Tag: World News – Home

Blog Posts (10)

April 14, 2014

For the working poor, new health premiums can be a burden

[Los Angeles Times] For nearly two decades, Barbara Garnaus maintained a modest, delicate life balance: keeping her part-time Orange County school district job and juggling her bills and credit card debt. Now 63, living alone, she counts every dollar, has no cellphone and commutes an hour in traffic so she can keep an affordable apartment […]
April 14, 2014

Guidance published on informing study participants about findings with potential health implications

[Wellcome Trust] In the course of a study involving human participants, it is possible that researchers may make a finding that has potential health or reproductive implications for an individual participant. For example, during a brain-imaging study, researchers might identify a brain tumour, or during a genome-wide association study looking for genetic risk factors for […]
April 10, 2014

Artistic Inquiry: Obesity on Stage in Boston

BEI Young Professionals member Betsy Campbell covers artful media around the world that touches upon topics in bioethics. In 2013 a Hastings Center article, bioethicist Dan Callahan proposed an “edgier” approach to America’s obesity epidemic. His views in that article — particularly his point about the power of public disapproval — proved to be controversial, […]
April 9, 2014

US jury orders Takeda, Eli Lilly to pay $9 billion in damages over Actos

[FirstWordPharma] A US jury ordered Takeda and Eli Lilly to pay a combined $9 billion in punitive damages after finding that the companies concealed the cancer risks associated with the diabetes therapy Actos (pioglitazone). The jury also awarded compensatory damages to the plaintiff of nearly $1.5 million in the first federal lawsuit related to the […]
April 8, 2014

In US, Vaccine Denial Goes Mainstream

This article provides a brief snapshot of the alarming trend of vaccine denial, with an especially insightful observation at its conclusion. For information on the importance of vaccination and links to further sources, see these blog posts from the Seattle Times and Discover. [Yahoo News] Washington (AFP) – Kathleen Wiederman is not staunchly against vaccines. She […]
April 8, 2014

Heavy Drinkers to be Considered for NHS Liver Transplants in the UK

[The Guardian] People with a severe drink-related liver disease are to be considered for transplant for the first time, reopening the debate over whether people who are thought to bring ill health on themselves deserve expensive treatment. The decision by the NHS‘s blood and transplant service (NHSBT) comes at a time when there is a national shortage […]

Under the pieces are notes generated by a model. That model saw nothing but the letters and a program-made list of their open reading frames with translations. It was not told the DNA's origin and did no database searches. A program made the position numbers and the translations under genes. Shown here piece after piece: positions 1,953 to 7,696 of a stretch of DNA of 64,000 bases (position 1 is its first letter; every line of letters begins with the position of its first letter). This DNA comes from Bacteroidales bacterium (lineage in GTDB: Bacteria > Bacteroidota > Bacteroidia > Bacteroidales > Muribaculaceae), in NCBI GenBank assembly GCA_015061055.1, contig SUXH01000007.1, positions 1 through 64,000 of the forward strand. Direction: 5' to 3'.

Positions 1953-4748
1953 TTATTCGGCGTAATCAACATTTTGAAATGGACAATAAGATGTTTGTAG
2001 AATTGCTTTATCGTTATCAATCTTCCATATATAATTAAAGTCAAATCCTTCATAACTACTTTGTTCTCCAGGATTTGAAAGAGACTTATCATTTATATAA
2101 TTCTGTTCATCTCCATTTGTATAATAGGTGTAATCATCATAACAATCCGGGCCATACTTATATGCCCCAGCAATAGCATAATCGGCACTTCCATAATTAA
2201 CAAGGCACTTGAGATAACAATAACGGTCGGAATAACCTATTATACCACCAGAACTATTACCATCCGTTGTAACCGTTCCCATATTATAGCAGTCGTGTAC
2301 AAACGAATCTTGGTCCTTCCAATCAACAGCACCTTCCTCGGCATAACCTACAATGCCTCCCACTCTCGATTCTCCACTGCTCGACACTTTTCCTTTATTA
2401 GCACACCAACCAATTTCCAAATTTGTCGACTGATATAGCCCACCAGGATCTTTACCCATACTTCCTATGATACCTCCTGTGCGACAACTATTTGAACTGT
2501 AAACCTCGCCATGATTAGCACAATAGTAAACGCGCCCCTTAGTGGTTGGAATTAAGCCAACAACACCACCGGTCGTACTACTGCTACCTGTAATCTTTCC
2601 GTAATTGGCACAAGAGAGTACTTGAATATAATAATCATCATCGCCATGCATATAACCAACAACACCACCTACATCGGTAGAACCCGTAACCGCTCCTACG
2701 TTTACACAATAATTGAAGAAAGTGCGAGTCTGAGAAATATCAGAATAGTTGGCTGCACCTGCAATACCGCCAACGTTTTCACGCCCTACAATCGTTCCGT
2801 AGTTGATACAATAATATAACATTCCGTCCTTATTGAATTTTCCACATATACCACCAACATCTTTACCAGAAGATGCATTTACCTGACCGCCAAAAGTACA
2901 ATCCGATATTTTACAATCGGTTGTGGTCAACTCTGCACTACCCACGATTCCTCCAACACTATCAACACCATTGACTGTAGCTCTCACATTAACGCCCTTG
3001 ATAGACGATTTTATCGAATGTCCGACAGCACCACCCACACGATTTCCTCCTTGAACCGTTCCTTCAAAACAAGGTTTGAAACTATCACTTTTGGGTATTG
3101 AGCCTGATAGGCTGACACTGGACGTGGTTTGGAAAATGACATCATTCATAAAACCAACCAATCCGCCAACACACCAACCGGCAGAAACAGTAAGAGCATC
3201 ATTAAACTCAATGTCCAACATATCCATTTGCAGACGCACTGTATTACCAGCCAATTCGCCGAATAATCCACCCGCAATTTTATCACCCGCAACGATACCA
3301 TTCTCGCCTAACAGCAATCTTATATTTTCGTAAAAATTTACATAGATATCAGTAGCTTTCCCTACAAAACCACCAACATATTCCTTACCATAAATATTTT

April 8, 2014

Birth Control and the Battle against Ovarian Cancer

Article by BEI Young Professionals member Jessica Hahne. Originally published in the February 2014 issue of Survivor’s Inbox: A Newsletter of the Survivorship Clinic at Yale Cancer Center. Known among doctors as “the cancer that whispers,” ovarian cancer begins with mild symptoms that often slip past early detection. While 1 in 72 women are affected by ovarian cancer[1], only […]
April 2, 2014

Med-school officials risk conflicts by serving on pharma boards

[FiercePharma] Much has been made recently over the potential conflicts of interest that arise when doctors take speaking fees from pharma companies. But as a new report suggests, some companies are shelling out a whole lot more to keep medical school and hospital leaders on their boards–where conflicts-of-interest could be much further-reaching. As The Wall […]
March 24, 2014

AIDS Group To Pharma CEO: Lower Your Prices Or Lower Your Pay

[Ed Silverman, WSJ]  Outraged by the prices that Gilead Sciences charges for some of its medicines, an AIDS advocacy organization has succeeded in placing what is being called a unique resolution before the drug company’s shareholders. The proposal ties compensation for chief executive John Martin to wider access to the drug maker’s popular roster of HIV […]
March 21, 2014

In healthcare, what makes Maine different?

[Los Angeles Times] Sally Patterson reflected on her part in the healthcare system as she pointed her aging silver Subaru west on U.S. Highway 2 early one morning, headed for the tiny hamlet of Carmel. “You’ve got to teach people how to look out for themselves,” Patterson said, whizzing past isolated houses, meadows and stands […]